Michael Jackson documentary called 'cheap shot' by fans as it airs in America
Fans of pop icon Michael Jackson have hit out at a controversial documentary detailing allegations of child sexual abuse against the singer.
The first instalment of the two-part film Leaving Neverland aired on HBO in the US last night, after premiering at the Sundance Film Festival.
Directed by British filmmaker Dan Reed, the documentary focuses on accusers Wade Robson and James Safechuck, who both allege they were abused by the Thriller singer as children.
Read more: Leaving Neverland director says doc is a “reckoning”
Fans of the singer were less than convinced by Leaving Neverland and were quick to criticise HBO for its decision to air the movie, calling it a “cheap shot” and a “one sided and totally biased portrait” of the allegations.
One livid fan even suggested the Jackson estate should pursue legal action in the wake of the documentary and its allegations.
Do y’all need ratings this bad @hbo? You have #GOT. The writing on this. Unconvincing. Shame on y’all for releasing this. Cheap shot on MJ and the viewers. Please do better. 🙄 #LeavingNeverland
— Donica Love (@iamdonica) March 4, 2019
HBO should be ashamed to air such a one sided and totally biased portrait. Too much of the story don't add up and after some quick research about the families this is laughable… Jackson estate better sue HBO if possible #LeavingNeverland
— Felix Rodriguez (@FelixPRodriguez) March 4, 2019
Taj Jackson, the singer’s nephew, turned his focus on the two accusers in defence of his uncle, claiming they did not have any credibility.
The family had previously issued a statement slamming the claims made in Leaving Neverland.
You are right. I’ve been around my uncle only thousands and thousands of hours. And since my uncle is not here to defend himself, the credibility of the accusers matter. And Wade and James have none. https://t.co/fF0OgYXUBz
— Taj Jackson (@tajjackson3) March 4, 2019
The response to Leaving Neverland, however, was not confined to defenders of Jackson, with many social media users declaring that they think those who allege abuse should be believed.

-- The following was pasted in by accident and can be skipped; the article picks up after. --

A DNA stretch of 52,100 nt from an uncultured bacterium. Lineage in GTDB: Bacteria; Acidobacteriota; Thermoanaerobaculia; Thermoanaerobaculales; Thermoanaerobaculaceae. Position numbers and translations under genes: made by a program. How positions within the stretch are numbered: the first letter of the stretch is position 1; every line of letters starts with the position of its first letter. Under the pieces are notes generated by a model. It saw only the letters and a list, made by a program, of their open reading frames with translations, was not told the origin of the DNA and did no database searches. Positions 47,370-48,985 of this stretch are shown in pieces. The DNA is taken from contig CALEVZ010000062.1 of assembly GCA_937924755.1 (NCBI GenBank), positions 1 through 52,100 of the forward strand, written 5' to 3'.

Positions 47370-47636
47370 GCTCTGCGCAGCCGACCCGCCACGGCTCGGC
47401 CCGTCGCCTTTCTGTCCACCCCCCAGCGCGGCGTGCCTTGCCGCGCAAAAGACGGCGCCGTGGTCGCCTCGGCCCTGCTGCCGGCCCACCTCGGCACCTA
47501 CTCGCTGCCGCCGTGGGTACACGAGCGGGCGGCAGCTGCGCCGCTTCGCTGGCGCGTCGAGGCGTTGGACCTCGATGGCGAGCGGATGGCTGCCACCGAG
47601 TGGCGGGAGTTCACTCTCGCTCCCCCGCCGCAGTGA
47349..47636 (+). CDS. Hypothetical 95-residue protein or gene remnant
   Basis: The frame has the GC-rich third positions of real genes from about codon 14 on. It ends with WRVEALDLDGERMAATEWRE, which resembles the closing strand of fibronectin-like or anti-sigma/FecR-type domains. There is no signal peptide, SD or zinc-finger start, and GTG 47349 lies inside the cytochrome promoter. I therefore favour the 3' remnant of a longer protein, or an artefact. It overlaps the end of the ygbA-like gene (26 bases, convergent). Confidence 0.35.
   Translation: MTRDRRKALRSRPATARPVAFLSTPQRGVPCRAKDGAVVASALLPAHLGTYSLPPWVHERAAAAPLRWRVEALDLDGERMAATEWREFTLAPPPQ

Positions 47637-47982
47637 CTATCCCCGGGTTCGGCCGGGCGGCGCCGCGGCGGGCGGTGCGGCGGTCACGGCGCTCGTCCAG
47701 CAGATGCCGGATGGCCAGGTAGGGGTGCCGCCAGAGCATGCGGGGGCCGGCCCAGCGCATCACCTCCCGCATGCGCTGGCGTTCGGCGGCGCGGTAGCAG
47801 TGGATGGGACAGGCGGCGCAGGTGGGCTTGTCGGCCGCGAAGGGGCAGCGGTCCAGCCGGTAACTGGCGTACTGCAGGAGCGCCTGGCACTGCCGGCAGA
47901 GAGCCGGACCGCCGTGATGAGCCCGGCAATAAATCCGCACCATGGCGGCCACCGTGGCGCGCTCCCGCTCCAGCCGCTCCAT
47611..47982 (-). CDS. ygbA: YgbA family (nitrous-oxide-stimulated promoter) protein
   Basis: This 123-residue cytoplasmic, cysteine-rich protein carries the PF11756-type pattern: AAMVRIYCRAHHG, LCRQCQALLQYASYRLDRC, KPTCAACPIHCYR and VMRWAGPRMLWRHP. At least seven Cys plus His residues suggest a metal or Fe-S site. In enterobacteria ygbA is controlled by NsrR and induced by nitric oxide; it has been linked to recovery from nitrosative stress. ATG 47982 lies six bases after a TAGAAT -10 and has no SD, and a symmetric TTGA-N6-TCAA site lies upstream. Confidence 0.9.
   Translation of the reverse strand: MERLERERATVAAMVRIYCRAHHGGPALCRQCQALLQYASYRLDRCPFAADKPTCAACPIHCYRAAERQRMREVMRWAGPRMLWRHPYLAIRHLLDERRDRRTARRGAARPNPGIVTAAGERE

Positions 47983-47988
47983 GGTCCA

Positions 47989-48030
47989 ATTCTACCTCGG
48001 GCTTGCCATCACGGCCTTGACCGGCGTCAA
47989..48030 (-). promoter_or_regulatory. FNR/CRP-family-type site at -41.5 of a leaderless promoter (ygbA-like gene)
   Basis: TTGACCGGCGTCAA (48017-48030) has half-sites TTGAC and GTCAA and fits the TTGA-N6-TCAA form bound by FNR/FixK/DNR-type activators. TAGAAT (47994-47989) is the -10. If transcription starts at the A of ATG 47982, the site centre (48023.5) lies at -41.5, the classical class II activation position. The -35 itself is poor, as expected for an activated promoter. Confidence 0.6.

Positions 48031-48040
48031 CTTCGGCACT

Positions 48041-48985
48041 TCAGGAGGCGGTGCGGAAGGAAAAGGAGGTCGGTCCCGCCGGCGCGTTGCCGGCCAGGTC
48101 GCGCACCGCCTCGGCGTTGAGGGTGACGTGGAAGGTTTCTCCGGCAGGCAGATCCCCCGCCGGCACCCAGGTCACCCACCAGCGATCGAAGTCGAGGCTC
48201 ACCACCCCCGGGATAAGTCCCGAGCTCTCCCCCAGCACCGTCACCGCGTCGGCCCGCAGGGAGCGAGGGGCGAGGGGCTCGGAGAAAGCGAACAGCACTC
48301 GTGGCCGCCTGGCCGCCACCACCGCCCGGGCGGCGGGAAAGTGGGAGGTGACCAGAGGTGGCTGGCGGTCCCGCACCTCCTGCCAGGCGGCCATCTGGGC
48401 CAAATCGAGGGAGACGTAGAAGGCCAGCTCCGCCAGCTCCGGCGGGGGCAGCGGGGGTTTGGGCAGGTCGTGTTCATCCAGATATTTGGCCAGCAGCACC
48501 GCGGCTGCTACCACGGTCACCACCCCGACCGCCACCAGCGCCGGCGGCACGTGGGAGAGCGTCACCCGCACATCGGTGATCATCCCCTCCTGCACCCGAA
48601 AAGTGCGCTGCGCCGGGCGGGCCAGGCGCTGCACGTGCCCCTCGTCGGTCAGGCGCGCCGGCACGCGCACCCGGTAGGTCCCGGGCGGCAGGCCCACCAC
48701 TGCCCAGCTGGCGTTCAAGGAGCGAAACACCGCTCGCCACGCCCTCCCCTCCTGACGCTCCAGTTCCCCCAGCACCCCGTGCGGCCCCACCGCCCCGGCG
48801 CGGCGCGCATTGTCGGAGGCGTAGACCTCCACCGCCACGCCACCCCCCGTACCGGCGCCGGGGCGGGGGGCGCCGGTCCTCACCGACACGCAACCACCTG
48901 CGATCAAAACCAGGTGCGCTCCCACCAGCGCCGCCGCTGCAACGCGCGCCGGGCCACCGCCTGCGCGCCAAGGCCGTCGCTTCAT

Former child star Amber Tamblyn, who rose to fame on US soap General Hospital, added her voice to the ranks of those condemning the “slippery, dangerous, often abusive slope” that can arise from children being put in vulnerable positions.
As a former child actress, I can’t help but watch this documentary and think about how wrong it is for children to be put in the position of performing for the soul purpose of pleasing adults. It’s such a slippery, dangerous, often abusive slope. #LeavingNeverland
— Amber Tamblyn (@ambertamblyn) March 4, 2019
No matter how beloved the abuser, it is imperative to believe survivors. #MJ #LeavingNeverland
— go find yourself (@BlairImani) March 4, 2019
A Wrinkle in Time director Ava DuVernay said she had received a flood of angry responses from fans after she shared an article about the film.
Michael Jackson super fans are really going hard in my comments for simply sharing an article by a cultural critic who shared his opinion on the doc. This is one of the kindler, gentler comments. I mean, Annie, are you okay? ‘Cause this is a lot. 🥺 https://t.co/GWQIIPiyKa
— Ava DuVernay (@ava) March 4, 2019
Allegations of sexual abuse by Jackson first arose in the 1990s and followed him for several decades.
Read more: Trailer for Leaving Neverland
He was acquitted in court of a number of allegations in 2005, prior to his death in 2009 at the age of 50, just weeks before his farewell tour This Is It was due to take place.
The second part of Leaving Neverland is due to air on HBO tonight, with its UK bow coming on 6 March and 7 March courtesy of Channel 4, which co-produced the film with the American network.